Friday, August 11, 2017 at 6:03 a.m.
It turns out Los Angeles’ housing crisis is America’s housing crisis.
Many of the factors that have been wreaking havoc for Angelenos have been at play from coast to coast. A federal report released this week concludes that the number of people in the United States struggling to pay rent increased by 8 million between 2005 and 2015.
Of course, Greater L.A. helped lead the way among the nation’s 15 largest metro areas. The U.S. Department of Housing and Urban Development’s “Worse-Case Housing Needs” report to Congress found that 1.4 million households here, about one in three, was considered “very low income.” Only New York, with 1.8 million, had more. More than half of those low-income households in Los Angeles and Orange counties, 567,000, are “worst-case housing needs” homes.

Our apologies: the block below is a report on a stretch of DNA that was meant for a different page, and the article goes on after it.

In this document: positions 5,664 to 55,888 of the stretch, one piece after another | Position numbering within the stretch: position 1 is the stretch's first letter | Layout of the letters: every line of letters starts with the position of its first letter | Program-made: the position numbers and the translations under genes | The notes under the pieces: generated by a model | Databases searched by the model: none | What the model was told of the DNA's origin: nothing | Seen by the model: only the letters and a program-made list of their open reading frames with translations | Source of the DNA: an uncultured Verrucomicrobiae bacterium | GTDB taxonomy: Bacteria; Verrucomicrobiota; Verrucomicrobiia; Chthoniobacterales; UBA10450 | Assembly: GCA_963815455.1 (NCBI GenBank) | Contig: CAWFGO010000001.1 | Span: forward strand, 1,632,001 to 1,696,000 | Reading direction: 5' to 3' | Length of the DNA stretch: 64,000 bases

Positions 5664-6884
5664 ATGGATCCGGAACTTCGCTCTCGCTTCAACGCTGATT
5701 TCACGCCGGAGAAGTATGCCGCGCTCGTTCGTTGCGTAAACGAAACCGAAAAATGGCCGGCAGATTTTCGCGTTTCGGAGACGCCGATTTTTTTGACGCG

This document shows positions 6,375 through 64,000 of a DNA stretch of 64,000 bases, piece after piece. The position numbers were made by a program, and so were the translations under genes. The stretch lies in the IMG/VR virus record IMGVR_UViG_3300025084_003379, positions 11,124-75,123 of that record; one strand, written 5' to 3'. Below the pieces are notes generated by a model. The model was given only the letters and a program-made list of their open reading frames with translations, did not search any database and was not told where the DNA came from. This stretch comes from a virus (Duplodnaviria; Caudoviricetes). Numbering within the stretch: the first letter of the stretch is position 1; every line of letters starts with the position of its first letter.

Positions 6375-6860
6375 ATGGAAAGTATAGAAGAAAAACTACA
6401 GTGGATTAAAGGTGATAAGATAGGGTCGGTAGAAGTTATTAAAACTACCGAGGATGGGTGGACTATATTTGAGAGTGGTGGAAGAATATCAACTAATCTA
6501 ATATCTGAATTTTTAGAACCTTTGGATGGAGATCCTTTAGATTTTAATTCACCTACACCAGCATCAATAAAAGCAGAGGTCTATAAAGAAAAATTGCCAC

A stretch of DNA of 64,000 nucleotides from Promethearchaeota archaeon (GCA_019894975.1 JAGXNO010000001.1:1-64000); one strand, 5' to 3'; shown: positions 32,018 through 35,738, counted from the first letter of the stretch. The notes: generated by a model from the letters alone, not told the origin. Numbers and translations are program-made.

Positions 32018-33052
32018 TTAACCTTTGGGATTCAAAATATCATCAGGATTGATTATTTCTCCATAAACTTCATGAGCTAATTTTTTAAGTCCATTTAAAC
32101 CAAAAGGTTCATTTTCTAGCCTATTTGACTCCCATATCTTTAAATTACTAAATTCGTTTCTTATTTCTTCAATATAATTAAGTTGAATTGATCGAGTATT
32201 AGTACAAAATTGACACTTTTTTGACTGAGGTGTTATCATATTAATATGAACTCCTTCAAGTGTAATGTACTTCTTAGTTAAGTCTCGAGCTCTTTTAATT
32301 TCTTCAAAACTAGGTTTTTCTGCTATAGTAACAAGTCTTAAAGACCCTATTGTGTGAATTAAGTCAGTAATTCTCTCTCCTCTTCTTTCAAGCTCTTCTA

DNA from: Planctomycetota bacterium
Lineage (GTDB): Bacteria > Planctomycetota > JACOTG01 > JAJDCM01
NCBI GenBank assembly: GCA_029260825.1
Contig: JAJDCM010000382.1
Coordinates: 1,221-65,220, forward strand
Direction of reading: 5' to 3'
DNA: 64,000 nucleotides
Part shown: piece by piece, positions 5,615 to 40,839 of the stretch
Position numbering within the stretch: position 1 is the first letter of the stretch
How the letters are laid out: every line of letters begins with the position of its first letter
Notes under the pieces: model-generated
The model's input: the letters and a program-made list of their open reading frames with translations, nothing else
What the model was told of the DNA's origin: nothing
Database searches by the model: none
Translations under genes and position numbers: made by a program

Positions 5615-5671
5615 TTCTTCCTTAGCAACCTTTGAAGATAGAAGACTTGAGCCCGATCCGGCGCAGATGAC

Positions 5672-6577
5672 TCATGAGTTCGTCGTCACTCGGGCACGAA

“Worst-case housing needs are defined as renters with very low incomes (below half the median in their area) who do not receive government housing assistance and who either paid more than half their monthly incomes for rent, lived in severely substandard conditions, or both,” according to a HUD statement..
Again, only Greater New York (815,000) had more of these kinds of households. “Reflecting particularly severe local conditions, more than one-half of the very low-income renters residing in and around Miami, Riverside, Phoenix and Los Angeles experienced worst-case needs in 2015,” according to the report.
The HUD data is consistent with a report in May that concluded Los Angeles needs an additional 551,807 affordable units to meet the needs of families at the bottom economic rung. Earlier this…
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